Arbitration involves the parties choosing an independent person to make a decision on their behalf. This method is seldom used for resource management matters. Because parties have to be equally motivated to get a decision before the matter reaches court, few arbitrations have been carried out.

Using alternative dispute resolution during the RMA process

There are on-going opportunities to use alternative dispute resolution methods throughout the resource consent and plan development process. These methods run alongside the statutory RMA procedures - refer to diagram showing relationship between alternative dispute resolution methods and statutory RMA procedures below.

What type of ADR method to use will depend upon:

  • The stage of the conflict
  • The participants' knowledge of resource management matters, and the quality of advice they are receiving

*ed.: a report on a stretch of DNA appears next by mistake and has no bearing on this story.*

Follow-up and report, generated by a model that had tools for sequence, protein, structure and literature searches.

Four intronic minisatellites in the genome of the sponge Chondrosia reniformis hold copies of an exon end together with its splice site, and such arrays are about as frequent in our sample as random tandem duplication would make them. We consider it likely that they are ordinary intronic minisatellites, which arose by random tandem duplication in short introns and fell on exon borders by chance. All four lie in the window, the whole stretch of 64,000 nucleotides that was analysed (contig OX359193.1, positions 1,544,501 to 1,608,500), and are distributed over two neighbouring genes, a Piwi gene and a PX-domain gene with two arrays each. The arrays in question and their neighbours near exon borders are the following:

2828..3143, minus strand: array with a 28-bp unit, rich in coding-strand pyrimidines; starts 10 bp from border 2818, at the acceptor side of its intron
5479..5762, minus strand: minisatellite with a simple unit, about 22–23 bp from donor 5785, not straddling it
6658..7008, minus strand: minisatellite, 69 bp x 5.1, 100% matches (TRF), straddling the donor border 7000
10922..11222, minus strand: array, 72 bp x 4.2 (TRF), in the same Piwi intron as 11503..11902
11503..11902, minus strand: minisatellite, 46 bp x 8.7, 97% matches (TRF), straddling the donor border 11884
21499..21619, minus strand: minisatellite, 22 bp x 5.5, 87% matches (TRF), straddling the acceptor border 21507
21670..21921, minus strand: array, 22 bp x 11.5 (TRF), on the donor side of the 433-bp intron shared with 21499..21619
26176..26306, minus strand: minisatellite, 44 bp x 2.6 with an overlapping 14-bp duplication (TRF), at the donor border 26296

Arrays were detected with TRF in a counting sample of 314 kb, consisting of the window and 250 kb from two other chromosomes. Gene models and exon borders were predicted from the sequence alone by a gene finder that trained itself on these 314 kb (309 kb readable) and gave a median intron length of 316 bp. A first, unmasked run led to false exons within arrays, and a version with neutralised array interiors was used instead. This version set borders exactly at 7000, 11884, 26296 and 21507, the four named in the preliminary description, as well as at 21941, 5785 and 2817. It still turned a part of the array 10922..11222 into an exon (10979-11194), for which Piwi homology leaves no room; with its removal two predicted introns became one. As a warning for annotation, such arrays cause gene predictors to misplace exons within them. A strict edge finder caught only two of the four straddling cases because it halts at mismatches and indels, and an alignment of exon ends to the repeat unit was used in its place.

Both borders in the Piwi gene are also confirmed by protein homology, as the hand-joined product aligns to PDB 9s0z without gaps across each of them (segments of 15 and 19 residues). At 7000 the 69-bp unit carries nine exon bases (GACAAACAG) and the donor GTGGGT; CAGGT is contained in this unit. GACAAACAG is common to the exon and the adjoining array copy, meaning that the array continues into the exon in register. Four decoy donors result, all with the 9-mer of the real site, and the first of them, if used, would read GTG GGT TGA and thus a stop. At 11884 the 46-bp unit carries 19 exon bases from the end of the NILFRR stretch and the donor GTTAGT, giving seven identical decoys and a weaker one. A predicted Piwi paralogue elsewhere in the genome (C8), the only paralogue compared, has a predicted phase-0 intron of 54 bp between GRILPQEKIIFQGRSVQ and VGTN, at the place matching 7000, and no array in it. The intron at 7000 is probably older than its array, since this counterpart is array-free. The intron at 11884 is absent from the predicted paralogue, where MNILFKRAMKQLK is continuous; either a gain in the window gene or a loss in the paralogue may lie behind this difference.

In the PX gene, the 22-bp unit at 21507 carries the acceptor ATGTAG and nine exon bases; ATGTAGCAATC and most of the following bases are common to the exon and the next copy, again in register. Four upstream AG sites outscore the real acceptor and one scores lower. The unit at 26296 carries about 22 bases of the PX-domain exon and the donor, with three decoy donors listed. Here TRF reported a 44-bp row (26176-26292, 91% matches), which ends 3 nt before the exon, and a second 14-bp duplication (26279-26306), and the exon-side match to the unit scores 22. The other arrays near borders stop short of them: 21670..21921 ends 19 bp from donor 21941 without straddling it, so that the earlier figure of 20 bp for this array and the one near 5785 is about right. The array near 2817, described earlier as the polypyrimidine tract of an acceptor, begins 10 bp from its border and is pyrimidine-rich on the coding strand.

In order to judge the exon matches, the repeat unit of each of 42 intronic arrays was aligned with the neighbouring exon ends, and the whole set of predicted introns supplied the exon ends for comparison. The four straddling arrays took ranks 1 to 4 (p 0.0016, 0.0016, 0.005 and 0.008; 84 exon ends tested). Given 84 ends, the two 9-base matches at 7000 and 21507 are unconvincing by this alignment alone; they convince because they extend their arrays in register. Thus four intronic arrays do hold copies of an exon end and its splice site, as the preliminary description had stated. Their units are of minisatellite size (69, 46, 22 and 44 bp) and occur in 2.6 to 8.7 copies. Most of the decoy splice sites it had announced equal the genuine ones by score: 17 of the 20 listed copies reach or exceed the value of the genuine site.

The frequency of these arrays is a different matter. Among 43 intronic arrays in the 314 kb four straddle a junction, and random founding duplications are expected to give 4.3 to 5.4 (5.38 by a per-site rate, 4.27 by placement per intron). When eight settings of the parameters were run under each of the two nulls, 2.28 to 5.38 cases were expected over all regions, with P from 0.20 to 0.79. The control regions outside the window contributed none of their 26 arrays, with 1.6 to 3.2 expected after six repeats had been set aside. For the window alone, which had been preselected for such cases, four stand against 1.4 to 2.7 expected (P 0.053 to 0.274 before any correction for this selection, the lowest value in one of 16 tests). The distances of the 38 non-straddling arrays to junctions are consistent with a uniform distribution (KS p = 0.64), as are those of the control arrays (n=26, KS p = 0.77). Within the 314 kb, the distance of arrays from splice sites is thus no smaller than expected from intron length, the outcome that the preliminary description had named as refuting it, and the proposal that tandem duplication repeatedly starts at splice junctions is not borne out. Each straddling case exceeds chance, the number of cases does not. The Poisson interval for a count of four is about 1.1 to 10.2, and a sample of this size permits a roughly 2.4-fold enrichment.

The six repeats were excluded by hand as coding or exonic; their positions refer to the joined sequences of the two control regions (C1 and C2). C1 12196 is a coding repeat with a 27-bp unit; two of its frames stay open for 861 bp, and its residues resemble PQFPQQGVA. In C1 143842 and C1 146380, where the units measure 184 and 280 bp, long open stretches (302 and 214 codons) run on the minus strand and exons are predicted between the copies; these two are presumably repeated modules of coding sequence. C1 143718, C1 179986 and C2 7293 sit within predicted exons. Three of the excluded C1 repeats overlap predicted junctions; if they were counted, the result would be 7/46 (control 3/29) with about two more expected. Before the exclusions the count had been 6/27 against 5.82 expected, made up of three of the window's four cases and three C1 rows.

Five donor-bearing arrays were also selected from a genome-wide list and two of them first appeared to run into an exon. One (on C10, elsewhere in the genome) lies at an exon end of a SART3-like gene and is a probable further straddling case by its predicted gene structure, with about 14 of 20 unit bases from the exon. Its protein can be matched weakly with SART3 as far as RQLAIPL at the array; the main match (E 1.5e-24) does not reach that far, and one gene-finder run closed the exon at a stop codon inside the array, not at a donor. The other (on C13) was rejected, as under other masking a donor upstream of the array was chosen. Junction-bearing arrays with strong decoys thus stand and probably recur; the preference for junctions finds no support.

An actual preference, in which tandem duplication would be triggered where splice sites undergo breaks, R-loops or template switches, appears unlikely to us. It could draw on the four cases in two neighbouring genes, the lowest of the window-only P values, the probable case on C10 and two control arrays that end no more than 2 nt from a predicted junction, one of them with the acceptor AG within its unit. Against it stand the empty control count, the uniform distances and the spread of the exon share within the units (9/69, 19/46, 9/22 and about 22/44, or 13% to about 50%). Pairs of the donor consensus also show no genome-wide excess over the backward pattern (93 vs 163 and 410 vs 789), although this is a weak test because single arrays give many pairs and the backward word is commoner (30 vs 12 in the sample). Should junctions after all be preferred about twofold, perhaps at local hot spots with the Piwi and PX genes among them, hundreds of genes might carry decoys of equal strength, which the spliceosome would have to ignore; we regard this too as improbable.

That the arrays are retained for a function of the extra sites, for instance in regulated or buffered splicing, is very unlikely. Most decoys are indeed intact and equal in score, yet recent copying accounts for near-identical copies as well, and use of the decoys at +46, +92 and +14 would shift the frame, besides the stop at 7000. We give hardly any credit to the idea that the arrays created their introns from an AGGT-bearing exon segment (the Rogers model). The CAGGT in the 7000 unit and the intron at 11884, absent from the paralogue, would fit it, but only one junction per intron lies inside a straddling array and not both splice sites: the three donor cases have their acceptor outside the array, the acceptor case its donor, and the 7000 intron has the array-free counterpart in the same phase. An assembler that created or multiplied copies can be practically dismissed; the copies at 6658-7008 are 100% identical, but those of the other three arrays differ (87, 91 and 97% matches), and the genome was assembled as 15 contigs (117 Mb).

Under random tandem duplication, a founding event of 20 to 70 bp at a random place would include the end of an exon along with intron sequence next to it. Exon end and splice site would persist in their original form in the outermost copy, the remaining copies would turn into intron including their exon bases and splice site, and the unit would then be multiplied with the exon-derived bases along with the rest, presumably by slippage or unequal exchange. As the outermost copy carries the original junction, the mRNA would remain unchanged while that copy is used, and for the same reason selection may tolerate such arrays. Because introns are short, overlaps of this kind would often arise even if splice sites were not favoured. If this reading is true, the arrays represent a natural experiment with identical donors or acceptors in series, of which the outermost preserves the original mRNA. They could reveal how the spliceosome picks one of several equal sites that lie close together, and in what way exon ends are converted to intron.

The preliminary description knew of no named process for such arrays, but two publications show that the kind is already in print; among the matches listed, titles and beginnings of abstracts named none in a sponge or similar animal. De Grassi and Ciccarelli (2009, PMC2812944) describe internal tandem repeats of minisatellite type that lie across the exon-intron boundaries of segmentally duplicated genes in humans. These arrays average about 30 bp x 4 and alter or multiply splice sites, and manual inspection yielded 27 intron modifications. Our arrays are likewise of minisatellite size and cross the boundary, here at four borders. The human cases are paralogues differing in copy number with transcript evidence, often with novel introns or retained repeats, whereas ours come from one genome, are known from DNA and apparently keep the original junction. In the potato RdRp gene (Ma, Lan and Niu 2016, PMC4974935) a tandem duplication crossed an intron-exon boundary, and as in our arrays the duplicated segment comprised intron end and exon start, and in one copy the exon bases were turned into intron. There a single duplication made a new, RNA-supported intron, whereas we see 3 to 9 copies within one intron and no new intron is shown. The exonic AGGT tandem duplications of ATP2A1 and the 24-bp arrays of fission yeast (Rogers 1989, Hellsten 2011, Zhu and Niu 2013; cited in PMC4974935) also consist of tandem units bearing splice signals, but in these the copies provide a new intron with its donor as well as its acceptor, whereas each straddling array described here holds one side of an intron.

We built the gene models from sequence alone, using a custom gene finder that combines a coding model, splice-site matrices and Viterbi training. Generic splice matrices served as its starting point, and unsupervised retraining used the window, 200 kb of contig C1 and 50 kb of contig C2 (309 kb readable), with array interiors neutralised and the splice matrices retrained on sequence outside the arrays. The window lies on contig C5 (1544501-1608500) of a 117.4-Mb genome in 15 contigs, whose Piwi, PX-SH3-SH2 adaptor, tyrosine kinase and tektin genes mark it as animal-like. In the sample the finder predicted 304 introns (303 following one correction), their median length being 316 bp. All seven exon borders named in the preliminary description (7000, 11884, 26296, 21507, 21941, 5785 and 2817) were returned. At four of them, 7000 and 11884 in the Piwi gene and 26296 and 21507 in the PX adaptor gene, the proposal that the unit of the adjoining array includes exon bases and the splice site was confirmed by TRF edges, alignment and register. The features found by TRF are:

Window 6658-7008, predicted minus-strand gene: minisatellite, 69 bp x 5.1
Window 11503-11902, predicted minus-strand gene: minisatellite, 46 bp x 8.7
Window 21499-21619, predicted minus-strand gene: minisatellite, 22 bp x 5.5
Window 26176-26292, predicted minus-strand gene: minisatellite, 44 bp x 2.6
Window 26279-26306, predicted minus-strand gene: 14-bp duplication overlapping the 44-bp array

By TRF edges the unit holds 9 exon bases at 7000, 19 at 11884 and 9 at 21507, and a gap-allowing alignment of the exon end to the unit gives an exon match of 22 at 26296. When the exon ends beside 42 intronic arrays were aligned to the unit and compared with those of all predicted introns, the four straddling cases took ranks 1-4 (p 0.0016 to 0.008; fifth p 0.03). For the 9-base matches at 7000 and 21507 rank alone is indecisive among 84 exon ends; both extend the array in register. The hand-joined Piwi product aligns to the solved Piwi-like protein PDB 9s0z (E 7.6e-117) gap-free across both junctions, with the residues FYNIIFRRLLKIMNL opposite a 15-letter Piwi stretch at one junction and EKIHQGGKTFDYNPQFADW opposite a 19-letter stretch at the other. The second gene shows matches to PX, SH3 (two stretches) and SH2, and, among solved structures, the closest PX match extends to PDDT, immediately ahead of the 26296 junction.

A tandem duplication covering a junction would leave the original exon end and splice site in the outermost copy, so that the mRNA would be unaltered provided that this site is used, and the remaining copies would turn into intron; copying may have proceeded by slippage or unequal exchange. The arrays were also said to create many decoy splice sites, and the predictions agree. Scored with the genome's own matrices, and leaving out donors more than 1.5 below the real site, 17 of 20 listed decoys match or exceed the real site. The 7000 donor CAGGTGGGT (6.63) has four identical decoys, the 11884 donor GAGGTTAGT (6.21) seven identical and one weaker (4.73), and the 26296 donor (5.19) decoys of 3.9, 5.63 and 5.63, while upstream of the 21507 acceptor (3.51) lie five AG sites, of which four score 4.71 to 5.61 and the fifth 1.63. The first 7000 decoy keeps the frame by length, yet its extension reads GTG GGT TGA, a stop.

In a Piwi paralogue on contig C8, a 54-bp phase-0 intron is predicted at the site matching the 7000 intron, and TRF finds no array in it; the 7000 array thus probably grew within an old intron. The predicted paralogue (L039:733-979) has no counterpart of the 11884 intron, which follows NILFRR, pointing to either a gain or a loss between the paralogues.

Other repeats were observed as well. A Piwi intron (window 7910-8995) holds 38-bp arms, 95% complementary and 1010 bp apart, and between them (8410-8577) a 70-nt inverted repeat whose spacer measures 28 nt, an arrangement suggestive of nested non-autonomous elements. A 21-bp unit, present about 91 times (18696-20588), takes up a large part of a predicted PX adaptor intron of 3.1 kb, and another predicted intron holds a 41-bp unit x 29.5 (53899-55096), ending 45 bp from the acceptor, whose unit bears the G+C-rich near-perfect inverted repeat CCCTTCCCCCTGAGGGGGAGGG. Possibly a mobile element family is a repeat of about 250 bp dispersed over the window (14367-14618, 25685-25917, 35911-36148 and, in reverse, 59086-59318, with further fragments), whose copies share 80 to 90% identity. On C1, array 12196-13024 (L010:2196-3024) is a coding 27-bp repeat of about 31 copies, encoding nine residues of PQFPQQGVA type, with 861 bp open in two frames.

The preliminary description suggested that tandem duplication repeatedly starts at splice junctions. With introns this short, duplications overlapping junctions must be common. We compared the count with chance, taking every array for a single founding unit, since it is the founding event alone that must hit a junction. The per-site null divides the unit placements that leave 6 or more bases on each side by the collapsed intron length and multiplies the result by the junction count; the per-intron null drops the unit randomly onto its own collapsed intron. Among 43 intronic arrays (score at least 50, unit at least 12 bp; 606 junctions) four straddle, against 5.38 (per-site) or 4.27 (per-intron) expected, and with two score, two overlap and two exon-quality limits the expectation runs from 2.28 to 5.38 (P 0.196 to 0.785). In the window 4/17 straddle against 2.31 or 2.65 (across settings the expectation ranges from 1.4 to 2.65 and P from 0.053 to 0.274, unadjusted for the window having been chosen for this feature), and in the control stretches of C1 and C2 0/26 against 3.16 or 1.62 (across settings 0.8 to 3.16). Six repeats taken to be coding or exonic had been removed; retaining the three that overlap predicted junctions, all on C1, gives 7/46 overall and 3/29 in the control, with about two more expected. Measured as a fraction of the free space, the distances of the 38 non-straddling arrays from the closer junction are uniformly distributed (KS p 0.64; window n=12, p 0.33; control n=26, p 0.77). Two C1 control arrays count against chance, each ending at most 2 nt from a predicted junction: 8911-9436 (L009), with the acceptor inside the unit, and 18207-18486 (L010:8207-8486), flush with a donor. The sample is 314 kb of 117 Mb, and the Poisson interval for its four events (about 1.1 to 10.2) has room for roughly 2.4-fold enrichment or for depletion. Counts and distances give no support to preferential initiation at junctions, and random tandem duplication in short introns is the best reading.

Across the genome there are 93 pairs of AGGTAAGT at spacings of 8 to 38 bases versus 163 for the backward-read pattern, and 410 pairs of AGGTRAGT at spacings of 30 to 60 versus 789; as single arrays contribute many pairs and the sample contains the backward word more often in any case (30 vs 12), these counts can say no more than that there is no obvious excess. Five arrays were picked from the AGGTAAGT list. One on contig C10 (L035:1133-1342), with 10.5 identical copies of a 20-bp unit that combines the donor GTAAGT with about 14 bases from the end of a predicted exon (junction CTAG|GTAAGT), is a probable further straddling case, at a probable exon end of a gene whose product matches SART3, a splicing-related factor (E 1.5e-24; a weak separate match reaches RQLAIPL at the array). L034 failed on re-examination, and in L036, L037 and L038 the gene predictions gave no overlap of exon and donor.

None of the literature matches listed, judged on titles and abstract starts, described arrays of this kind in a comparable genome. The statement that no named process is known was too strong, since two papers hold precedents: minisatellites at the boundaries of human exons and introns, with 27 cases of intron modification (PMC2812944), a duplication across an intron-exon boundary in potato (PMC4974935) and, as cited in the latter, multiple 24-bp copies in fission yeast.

• The number of parties
    • The cultural background of the parties
    • The willingness of the parties to work together, rather than have the decision made for them.

Experienced planning practitioners within or outside Council can often identify which plans and resource consent applications the Council is likely to approve. In these cases, facilitated consultation at an early stage can help submitters and Council staff to understand the proposal. It may also help parties to find some common ground and clarify outstanding issues.

Later in the process, council staff may need to decide:

  • How to handle contentious legal issues. Will independent legal opinions put the matter to rest, or is it better to go for a statutory declaration from the Environment Court to avoid a full Court case?
  • How to handle contentious evidence. Will an independent expert provide more assurance about likely adverse environmental effects and their mitigation?
  • How to handle matters of public interest. Should some matters be non-negotiable?